Early childhood educators gather to begin ‘greener’ project

Published 08 March 2012

Early childhood educators at 15 childcare and preschool centres from Tamworth to Tenterfield, and including Armidale, Guyra and Inverell, are joining a State-wide commitment to make early childhood education “greener”.

They took part in an Eco-symposium and Planning Workshop last weekend (Friday the 2nd to Sunday the 4th of March) at the University of New England, which was also attended by early childhood education specialists from UNE and the New England Institute of TAFE, and invited educators from Coffs Harbour and Brisbane.

The workshop initiated a year-long local project designed and led by Associate Professor Nadine McCrea from the Early Childhood Education Program within UNE’s School of Education. “The educators were enthusiastic about developing their emphasis on sustainability,” Dr McCrea said. “I was impressed by how keen everyone was to contribute and share in the discussions.”

The workshop was led by Deb Watson and Julie Gaul, representatives of the NSW Early Childhood Environment Education Network. The Network was established in 2004 to promote ideas and practices related to sustainability among educators and young children. It helps early childhood centres to incorporate environmentally sustainable practices into their curriculum and whole-centre management, thus acting as catalysts in the “greening” of their communities.

“We’ve already conducted several workshops in Sydney, and in regional centres including Orange and Port Macquarie,” Ms Watson said. “The participants are challenged to reflect on sustainable values, and ways in which elements of sustainability can be embedded in their teaching programs.”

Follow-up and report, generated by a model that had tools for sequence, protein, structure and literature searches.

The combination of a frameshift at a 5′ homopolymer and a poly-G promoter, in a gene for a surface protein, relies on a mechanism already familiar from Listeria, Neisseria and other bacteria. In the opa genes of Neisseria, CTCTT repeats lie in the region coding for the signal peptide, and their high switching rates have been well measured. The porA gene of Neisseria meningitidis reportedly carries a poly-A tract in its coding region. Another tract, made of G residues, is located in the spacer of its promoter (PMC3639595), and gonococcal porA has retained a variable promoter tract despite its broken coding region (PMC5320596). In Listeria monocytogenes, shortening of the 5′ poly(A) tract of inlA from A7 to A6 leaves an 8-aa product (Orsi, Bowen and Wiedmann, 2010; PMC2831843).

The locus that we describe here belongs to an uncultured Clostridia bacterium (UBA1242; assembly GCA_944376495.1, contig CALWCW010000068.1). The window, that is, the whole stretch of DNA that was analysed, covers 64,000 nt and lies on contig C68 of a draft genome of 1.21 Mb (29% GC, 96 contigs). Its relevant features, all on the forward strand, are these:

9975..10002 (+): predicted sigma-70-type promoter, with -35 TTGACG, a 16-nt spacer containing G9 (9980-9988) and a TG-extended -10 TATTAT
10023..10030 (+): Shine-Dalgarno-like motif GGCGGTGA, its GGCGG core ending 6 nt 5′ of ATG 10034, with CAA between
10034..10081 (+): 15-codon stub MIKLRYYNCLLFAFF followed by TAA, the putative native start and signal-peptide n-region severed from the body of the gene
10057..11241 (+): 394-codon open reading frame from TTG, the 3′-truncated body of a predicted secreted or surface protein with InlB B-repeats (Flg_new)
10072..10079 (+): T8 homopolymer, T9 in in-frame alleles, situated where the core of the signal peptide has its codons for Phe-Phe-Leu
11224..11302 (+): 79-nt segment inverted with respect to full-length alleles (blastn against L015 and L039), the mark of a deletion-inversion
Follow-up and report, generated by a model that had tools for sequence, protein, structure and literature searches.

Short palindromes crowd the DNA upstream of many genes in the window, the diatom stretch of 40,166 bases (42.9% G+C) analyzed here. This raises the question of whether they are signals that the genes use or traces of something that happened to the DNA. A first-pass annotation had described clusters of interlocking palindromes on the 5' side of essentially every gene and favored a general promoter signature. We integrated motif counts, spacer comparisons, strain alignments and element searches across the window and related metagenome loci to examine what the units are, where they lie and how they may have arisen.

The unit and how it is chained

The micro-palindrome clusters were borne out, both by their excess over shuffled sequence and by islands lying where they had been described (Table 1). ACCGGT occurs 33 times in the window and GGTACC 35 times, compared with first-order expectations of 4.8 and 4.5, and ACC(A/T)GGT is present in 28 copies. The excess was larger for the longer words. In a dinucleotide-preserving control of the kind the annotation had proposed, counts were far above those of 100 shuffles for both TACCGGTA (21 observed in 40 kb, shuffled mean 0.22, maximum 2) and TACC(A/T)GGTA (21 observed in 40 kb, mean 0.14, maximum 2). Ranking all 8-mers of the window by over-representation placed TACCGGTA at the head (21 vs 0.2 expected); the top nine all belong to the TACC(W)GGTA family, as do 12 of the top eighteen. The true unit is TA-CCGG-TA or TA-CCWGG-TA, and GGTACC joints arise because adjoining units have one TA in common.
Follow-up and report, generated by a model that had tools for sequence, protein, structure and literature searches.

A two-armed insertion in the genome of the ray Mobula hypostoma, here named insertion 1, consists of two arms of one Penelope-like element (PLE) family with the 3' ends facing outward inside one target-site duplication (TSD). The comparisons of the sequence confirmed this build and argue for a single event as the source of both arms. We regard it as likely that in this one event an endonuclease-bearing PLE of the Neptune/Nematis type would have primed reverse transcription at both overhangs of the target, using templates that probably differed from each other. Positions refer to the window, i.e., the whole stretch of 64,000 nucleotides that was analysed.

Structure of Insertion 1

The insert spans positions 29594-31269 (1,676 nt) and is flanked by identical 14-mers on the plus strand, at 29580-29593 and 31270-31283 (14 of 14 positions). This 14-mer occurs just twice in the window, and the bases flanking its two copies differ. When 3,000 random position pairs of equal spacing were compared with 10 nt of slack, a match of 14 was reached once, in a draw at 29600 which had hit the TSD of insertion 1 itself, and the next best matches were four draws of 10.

Each session of the weekend’s program challenged the educators to use a “green lens” as they worked with the new National Quality Standard and its Quality Improvement Plan. The program included a visit to the Boongaiai Preschool for Rudolf Steiner Education at The Armidale Waldorf School, where the participants experienced the school’s natural surroundings and conservation-conscious environment.

Several Armidale businesses contributed to the weekend, including Collins Books, which provided a display of relevant books, and the Grassroots Eco-store, which displayed learning resources and safer cleaning products. Armidale Dumaresq Council provided reusable symposium bags for all the participants.

Dr McCrea said that the work within – and communication between – the participating centres that had begun over the weekend would continue until their next meeting. There will be one-day symposiums at Inverell in July and near Armidale in October, at which educators will share stories of their progress and dilemmas. At each event, guest experts will explore topics such as bush tucker, water sustainability, edible gardening, and food-cycle learning.

THE PHOTOGRAPH of UNE’s Associate Professor Nadine McCrea displayed here expands to show her, together with Deb Watson (left) and Julie Gaul from the NSW Early Childhood Environment Education Network, looking through a “green lens”.